Lillie Ammann, author of the novels Dream or Destiny and Stroke of Luck, writes and edits as a freelancer for authors, publishers, and organizations.
Look and Listen
Lillie Ammann writes and edits as a freelancer for authors, publishers, and business and nonprofit organizations. She specializes in working with authors who self-publish their work.
A graduate of Southwestern University with the degree Bachelor of Arts Magna Cum Laude, she owned and operated an interior landscape business for more than twenty years.
She had always dreamed of writing “someday” — suffering a stroke made her realize that “someday” had arrived. Although it took a couple of years for her to recover sufficiently to write, she started writing as soon as she could. She has published two novels, the contemporary romance Stroke of Luck and the romantic mystery Dream or Destiny.
As a freelancer, she works with authors and publishers to prepare manuscripts for publication, writes and edits business documents, and helps families and individuals compile family histories and memoirs.
Lillie, who has been a Christian her entire life, and her husband live in San Antonio, where she is an active volunteer for her church and other organizations.
Even as a child, I always enjoyed writing, but the first time I thought of writing fiction was in high school. I turned in a creative writing assignment, and my teacher read it to every English class in the school. It was a small school, so I didn't have a big audience, but I was excited about the reactions to my story.
However, I put thoughts of writing aside for years as I ran an interior landscape company. The only things I wrote in those days were business documents and an occasional article for a trade journal. "Someday," I told myself, when I retire, when I'm not so busy, when ... I'll write.
Then I suffered a stroke. Suddenly I realized I couldn't wait for a far-off "someday" that might never arrive.
I was paralyzed on my right side and lost sensation on my left side. My balance center was destroyed, and my eyes were damaged so I had quadruple vision. I couldn't lift my head off the pillow because I had no balance, I couldn't move my right side because of the paralysis, and I couldn't talk.
The inability to communicate was the worst. I was completely alert all the time, but since I couldn’t communicate, the doctors didn't know how much brain damage I had. The staff in the Emergency Room called me "the stroke in bed 1." I remember screaming inside, "I'm a person! I'm not a stroke!"
The next morning, the neurologist came into my hospital room. He said, "If we don't see significant improvement in three days, you might be like this the rest of your life."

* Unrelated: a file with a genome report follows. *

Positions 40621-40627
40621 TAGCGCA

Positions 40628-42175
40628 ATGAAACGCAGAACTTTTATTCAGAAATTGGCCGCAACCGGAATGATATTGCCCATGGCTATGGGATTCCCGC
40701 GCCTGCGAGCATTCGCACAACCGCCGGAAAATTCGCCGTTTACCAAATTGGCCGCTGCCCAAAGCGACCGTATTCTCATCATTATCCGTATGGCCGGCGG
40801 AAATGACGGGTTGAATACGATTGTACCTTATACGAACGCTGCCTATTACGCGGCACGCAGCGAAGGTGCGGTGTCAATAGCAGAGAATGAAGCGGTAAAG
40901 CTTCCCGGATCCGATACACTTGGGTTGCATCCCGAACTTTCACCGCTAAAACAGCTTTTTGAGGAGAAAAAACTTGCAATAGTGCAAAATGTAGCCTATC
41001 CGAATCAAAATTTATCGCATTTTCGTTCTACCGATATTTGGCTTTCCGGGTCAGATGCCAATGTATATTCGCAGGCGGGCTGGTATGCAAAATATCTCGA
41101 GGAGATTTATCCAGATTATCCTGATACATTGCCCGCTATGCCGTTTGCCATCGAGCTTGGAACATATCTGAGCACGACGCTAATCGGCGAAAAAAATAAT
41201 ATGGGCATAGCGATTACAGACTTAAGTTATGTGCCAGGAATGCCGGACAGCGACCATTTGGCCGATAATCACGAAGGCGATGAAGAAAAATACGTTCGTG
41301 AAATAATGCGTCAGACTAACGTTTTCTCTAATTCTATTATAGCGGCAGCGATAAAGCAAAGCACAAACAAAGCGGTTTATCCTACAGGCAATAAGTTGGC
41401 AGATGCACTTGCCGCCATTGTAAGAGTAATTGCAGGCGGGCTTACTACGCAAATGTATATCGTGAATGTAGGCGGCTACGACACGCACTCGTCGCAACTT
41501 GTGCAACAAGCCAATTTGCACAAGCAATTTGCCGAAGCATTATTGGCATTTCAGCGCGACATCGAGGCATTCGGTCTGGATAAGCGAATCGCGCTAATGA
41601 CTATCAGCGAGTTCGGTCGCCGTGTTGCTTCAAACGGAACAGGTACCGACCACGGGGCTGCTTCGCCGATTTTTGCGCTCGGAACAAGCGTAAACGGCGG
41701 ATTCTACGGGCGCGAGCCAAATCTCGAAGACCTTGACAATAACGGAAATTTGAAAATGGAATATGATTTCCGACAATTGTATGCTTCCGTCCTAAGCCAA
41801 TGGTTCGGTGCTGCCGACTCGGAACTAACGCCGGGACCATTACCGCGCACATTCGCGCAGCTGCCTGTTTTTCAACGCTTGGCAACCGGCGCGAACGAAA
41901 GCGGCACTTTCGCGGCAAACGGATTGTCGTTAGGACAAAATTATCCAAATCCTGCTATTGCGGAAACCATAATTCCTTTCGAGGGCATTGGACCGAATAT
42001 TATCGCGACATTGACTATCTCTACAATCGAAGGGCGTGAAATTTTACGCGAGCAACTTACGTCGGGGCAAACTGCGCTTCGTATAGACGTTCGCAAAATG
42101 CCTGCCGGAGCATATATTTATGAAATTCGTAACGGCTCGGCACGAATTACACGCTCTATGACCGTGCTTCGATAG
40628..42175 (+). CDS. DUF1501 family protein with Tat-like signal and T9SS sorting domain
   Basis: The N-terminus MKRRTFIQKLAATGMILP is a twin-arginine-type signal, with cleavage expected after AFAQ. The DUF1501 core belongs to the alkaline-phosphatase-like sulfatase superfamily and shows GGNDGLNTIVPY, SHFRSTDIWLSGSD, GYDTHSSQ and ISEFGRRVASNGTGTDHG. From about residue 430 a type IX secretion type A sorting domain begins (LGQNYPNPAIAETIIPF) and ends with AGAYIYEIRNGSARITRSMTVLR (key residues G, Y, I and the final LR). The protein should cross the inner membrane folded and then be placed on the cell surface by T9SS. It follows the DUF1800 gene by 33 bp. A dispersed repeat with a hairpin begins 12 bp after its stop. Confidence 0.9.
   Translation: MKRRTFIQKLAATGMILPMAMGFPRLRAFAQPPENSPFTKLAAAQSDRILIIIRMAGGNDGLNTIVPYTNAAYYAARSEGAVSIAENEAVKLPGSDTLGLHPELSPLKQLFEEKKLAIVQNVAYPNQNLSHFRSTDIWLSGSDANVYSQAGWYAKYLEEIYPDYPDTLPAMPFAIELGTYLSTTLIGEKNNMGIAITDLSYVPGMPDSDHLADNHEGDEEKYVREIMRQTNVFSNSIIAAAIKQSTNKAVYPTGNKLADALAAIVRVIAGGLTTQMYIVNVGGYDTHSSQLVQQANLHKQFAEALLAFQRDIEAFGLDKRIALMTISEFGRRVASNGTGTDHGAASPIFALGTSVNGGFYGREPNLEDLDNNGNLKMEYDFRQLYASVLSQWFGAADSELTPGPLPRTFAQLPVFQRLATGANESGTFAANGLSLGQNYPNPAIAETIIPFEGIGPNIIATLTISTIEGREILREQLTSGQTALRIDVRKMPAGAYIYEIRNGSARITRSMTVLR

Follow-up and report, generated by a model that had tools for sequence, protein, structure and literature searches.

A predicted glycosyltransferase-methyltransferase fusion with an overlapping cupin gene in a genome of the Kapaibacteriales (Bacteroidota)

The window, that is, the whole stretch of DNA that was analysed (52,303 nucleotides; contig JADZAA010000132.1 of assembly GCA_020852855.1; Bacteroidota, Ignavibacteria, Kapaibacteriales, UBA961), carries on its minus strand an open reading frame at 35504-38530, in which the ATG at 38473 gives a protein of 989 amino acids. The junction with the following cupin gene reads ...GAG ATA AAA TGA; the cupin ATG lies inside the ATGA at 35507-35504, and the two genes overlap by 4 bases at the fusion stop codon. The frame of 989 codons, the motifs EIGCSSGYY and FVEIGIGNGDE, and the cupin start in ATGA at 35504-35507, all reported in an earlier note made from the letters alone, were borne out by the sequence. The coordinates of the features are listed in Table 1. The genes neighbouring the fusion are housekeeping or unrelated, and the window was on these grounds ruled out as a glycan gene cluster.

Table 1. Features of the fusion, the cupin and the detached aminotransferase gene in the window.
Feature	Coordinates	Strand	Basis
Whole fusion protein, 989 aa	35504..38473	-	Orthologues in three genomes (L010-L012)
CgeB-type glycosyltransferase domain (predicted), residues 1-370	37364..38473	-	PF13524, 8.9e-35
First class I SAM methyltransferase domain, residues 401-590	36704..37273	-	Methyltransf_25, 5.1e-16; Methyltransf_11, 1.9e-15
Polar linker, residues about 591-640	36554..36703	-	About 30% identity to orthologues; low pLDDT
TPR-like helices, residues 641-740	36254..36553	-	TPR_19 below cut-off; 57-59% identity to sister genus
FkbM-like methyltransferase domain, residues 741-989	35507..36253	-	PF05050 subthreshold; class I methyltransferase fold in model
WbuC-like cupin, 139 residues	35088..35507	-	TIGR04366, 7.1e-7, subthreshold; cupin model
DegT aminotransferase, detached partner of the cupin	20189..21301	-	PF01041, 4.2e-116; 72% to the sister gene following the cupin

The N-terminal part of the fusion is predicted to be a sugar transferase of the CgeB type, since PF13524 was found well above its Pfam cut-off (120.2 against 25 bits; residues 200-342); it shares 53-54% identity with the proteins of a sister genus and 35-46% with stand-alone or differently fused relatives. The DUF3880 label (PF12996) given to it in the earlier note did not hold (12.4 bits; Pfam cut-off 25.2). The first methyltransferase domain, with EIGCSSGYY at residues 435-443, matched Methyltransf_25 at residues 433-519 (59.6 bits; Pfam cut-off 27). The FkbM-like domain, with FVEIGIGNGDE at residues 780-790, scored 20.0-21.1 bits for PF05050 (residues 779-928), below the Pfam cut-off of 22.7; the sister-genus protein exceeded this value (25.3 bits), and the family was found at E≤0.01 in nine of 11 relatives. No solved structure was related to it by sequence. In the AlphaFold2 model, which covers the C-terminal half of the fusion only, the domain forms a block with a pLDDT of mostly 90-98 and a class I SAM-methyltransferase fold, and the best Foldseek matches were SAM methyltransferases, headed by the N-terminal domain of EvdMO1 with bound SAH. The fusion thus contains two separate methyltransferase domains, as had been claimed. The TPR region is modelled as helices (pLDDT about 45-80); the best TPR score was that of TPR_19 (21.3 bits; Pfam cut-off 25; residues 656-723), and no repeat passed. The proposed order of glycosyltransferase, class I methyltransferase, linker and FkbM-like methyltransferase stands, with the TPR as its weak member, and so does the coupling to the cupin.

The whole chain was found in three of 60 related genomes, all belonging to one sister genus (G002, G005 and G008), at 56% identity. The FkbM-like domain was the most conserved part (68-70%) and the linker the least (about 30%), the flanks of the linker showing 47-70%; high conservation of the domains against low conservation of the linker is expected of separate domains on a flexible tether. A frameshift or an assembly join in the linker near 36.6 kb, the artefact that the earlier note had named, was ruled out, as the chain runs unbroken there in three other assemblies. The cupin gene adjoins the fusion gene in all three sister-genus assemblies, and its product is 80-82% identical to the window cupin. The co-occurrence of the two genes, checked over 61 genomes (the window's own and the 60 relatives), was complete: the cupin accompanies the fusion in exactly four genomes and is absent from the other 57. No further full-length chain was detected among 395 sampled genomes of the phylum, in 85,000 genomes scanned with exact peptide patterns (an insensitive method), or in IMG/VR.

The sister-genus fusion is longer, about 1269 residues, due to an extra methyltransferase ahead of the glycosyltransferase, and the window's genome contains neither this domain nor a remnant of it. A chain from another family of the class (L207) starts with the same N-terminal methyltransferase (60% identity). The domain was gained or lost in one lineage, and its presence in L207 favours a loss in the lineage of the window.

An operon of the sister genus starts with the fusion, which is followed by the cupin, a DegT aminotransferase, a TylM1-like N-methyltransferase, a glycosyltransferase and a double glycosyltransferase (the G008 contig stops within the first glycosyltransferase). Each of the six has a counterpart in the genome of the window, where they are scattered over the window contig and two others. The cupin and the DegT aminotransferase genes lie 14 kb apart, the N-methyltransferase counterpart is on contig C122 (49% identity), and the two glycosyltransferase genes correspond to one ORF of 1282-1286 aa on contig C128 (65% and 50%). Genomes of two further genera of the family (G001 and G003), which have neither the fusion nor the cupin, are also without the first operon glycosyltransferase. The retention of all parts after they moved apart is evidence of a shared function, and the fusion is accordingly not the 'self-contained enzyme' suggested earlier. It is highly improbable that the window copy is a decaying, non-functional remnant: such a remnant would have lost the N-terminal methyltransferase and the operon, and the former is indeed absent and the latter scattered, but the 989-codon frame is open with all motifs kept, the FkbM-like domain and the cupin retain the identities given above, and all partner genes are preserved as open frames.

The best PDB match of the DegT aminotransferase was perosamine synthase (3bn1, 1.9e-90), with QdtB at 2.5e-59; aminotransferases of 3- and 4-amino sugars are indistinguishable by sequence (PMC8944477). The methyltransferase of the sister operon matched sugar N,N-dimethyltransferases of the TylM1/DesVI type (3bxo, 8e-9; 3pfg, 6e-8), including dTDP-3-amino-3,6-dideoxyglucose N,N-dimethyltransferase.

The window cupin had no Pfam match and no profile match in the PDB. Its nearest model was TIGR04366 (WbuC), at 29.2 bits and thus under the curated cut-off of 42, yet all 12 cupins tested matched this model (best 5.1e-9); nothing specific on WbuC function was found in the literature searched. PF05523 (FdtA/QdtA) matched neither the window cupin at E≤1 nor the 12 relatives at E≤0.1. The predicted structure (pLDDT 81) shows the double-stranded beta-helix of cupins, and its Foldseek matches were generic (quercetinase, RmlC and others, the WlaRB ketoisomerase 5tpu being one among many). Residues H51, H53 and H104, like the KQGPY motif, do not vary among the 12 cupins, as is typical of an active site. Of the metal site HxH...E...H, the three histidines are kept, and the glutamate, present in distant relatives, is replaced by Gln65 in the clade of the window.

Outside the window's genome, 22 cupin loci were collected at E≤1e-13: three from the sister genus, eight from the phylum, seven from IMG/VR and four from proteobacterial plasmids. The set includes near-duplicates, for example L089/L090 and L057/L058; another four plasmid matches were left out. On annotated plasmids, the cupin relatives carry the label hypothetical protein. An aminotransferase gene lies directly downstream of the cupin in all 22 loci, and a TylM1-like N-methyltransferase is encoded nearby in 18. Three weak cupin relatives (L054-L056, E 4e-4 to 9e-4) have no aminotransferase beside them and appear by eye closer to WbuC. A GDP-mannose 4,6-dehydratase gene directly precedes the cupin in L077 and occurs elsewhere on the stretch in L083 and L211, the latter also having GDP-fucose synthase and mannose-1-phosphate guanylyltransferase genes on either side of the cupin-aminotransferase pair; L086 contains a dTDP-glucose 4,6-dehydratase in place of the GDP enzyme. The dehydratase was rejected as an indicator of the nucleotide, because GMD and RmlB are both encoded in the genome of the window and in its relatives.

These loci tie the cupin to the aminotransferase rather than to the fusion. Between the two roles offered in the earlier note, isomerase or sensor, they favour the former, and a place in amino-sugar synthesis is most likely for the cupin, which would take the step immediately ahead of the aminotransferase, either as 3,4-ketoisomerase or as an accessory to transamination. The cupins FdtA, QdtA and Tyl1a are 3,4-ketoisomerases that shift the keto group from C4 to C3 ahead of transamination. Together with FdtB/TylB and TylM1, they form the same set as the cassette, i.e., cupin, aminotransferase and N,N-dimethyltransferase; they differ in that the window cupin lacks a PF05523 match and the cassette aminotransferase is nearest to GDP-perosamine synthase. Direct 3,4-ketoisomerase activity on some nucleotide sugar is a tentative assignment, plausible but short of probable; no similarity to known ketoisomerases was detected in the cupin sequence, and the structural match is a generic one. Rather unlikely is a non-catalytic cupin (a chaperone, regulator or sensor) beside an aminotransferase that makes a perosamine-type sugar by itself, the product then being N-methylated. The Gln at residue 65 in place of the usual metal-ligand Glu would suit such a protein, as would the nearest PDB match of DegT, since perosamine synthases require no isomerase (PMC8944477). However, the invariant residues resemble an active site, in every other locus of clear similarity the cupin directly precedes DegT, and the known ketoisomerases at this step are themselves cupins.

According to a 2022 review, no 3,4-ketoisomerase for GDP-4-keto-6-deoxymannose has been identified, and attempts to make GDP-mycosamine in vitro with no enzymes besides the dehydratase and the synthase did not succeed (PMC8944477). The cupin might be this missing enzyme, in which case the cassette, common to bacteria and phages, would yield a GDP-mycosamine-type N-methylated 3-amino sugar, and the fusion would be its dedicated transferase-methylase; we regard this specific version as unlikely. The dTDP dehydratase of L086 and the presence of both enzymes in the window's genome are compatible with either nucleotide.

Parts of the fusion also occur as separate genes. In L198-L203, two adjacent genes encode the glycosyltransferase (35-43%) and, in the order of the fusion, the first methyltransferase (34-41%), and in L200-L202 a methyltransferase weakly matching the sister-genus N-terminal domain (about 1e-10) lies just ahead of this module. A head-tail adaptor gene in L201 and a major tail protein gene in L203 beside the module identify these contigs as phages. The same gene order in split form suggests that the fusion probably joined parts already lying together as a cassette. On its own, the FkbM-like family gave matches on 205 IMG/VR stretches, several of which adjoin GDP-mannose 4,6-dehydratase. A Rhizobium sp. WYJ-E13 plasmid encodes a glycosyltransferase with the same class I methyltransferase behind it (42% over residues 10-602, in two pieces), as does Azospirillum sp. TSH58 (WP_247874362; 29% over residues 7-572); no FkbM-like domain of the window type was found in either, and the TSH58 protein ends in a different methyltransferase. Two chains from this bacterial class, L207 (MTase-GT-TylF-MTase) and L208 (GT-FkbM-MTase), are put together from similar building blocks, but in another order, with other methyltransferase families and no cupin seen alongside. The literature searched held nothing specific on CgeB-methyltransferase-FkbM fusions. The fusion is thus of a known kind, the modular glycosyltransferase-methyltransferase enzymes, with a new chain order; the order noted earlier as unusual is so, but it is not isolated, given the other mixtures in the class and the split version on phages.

I decided there was going to be significant improvement in three days. If I could move the fingers of my right hand, grasp the bed rail with my left hand, and raise my head and right shoulder off the bed, I would be all right.
For two days and nights I tried to move my fingers. "Move, move, move!" I thought about never pursuing my dream of writing. And I prayed and prayed and prayed.
In the wee hours of the third morning, I moved the fingers of my right hand. I reached out with left hand, grabbed the rail, and raised my head and right shoulder off the bed. Then I knew I would be fine.
I wanted to shout and tell the world. I wanted to call my husband and parents and siblings. But the phone was out of reach, and I couldn't have made myself understood on the phone.
It took almost two years before I was recovered enough to keep my promise to start writing. But after months and months of intensive therapy, I became functional again though I still have what the doctors call "deficits."
I was so blessed to have a wonderful husband who cared for me and helped me during all the time I couldn't take care of myself. I wondered how someone who didn't have that kind of support could manage. My first novel, Stroke of Luck, is my imagined answer to that question. Debbie goes through the same kind of stroke I did. The difference is she had to find her hero; I had been married to mine for years (almost 40 now).
I sold my interior landscape company and began writing full-time. I edit manuscripts and help authors who self-publish wind their way through the publishing maze.
My second novel Dream or Destiny, a romantic mystery, is complete fiction, not based on anything in my own experience.